7 books that might change your life.
Or at least your perspective.
I talked about books last week. This is a post about books. And I’m probably gonna talk about books next week.
Sorry, it’s a personality trait. I don’t wear glasses, so books are my next best bet at looking smart.
But this post has the real gems. Books that haven’t just impacted my life, but millions of others. And hopefully a few that you either haven’t heard of or haven’t taken the initiative to read. Consider this your nudge.
Turning Pro: Tap Your Inner Power and Create Your Life’s Work by Steven Pressfield
The War of Art is my favorite Pressfield book, but Turning Pro is just a smidge below it and applicable to a broader audience.
While The War of Art focuses on the resistance that creatives encounter along their path of creation, Turning Pro focuses on the path of growing up. And I don’t mean that in a condescending way, or in the literal transition from teen-hood to adulthood.
I mean growing up in the way that adults have to choose, at some point, to shed the inhibitions that have kept them from becoming the person they want to become. A novice holds on to their inhibitions, while a pro meets them head on.
If you’re an older millennial like myself, you grew up in a world where finding your passion was the raison d'être. If you’re a younger millennial or gen z, you grew up believing the path to contentedness runs directly through social media, virality, and fame.
Even though this book was written in 2012, its message only becomes more relevant as time passes, and anchors on the things that have always reliably led to meaningful careers.
Doing great work. Building skills that matter. And as the title so perfectly states (borrowed from legendary comedian Steve Martin)…being so good they can’t ignore you.
Essentialism: The Disciplined Pursuit of Less by Greg Mckeown
This is another book that ages like fine wine. Written in 2014, Essentialism cuts through the noise using simple language and simple ideas for getting control of our time and energy back. The best work is produced by the focused pursuit of the few.
In a world that has only gotten noisier since 2014, and will continue to do so, Essentialism becomes more important with each day that passes. I see it first-hand in coaching calls every single day. The future, much like that past, will be written by the people that direct their energy into the highest leverage things that they can, protecting their sanity and happiness in the process.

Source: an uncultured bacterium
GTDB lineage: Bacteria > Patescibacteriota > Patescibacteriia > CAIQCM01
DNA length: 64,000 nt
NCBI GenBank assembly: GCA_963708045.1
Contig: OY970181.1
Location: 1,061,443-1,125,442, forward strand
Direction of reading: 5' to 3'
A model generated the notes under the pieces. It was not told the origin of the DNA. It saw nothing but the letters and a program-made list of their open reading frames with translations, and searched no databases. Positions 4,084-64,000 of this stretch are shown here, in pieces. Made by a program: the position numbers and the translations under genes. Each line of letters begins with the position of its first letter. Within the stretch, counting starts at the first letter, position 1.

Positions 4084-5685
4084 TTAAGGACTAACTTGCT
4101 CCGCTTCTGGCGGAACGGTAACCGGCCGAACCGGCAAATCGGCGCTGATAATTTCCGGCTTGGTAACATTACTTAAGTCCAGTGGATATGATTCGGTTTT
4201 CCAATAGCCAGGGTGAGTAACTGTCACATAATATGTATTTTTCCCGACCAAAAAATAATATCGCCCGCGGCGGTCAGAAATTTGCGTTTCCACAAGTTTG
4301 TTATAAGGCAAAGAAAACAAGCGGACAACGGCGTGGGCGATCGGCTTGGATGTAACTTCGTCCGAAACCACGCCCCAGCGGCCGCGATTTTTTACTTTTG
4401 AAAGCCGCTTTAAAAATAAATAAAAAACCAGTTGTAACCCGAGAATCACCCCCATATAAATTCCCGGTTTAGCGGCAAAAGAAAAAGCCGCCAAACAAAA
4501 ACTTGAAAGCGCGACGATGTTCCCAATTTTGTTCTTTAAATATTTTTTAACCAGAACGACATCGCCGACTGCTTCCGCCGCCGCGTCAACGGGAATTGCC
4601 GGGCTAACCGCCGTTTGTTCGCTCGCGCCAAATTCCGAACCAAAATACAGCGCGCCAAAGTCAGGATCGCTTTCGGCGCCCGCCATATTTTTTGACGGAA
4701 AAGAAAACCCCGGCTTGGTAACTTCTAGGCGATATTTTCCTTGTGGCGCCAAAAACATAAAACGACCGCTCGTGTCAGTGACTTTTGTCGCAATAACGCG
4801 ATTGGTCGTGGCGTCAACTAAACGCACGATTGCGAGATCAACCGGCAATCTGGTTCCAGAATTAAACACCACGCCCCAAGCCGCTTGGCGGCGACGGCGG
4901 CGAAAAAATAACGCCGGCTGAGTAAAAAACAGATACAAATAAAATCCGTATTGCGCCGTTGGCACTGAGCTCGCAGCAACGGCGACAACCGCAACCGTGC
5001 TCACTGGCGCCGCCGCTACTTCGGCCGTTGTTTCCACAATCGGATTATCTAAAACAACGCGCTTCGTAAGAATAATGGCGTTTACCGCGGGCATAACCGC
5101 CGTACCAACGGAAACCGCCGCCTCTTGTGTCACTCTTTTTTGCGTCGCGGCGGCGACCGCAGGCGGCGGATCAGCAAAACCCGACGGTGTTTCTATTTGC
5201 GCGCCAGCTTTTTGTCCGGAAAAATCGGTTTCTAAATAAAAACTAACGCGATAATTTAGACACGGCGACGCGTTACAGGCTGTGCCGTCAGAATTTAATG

Man’s Search for Meaning by Viktor Frankl
Frankl spent 3 years as a prisoner in concentration camps, including Auschwitz, during World War II. He survived, while his parents, brother, wife, and unborn child did not. Frankl went on to practice as a psychiatrist for decades after his survival, and this masterpiece is his memoir.
If there’s a book every human should read, this might be it.
Not only do you see the reality of these camps vividly detailed, but you learn about the mindset required to survive them, which became the foundation of his psychiatry practice. It would be impossible to read this book without your own perspective shifting for the better.
While it would be easy to dismiss stoicism in recent years as a fad that’s been wholesale adopted by athletes, influencers, bro culture, and everyone in-between, please don’t throw the baby out with the bath water.
Stoicism has stood the test of time for over two thousand years, because the wisdom and practicality of its ideas are timeless. Ryan Holiday has made these ideas more accessible than any modern writer, and The Obstacle Is the Way is as good of a place as any to glean and digest one of its core concepts.
As the subtitle alludes to, adversity is as much a part of life as birth and death are, and the difference in suffering or triumphing amidst this adversity is the perspective through which we view it.
The Four Agreements: A Practical Guide to Personal Freedom by Don Miguel Ruiz
The Four Agreements is as practical of a guide as you will find to reduce or remove the things that steal our contentedness and joy in life. By boiling suffering down to four agreements that we have an opportunity to make with ourself, we are given a framework to operate our life from that makes the complex simple, and the confusing clear.
Be impeccable with your word. Don’t take anything personally. Don’t make assumptions. Always do your best.
I think any of us would agree that if we consistently did these things, our lives would be better off because of them. This book makes the actual execution of these ideas feel within reach.
Breath: The New Science of a Lost Art by James Nestor
Many of us don’t think much about our breath. When we’re doing it, we’re alive. And when we’re not doing it, we’re dead.
But the breath, and the art and science of breathing, is the thing that provides vitality to our lives between those two states. It’s as elemental to living as water is, and by the end of this book you’ll want to give your breathing as much attention and care as you give to other foundational elements like fitness, diet, and mental health.
✌️ and ❤️,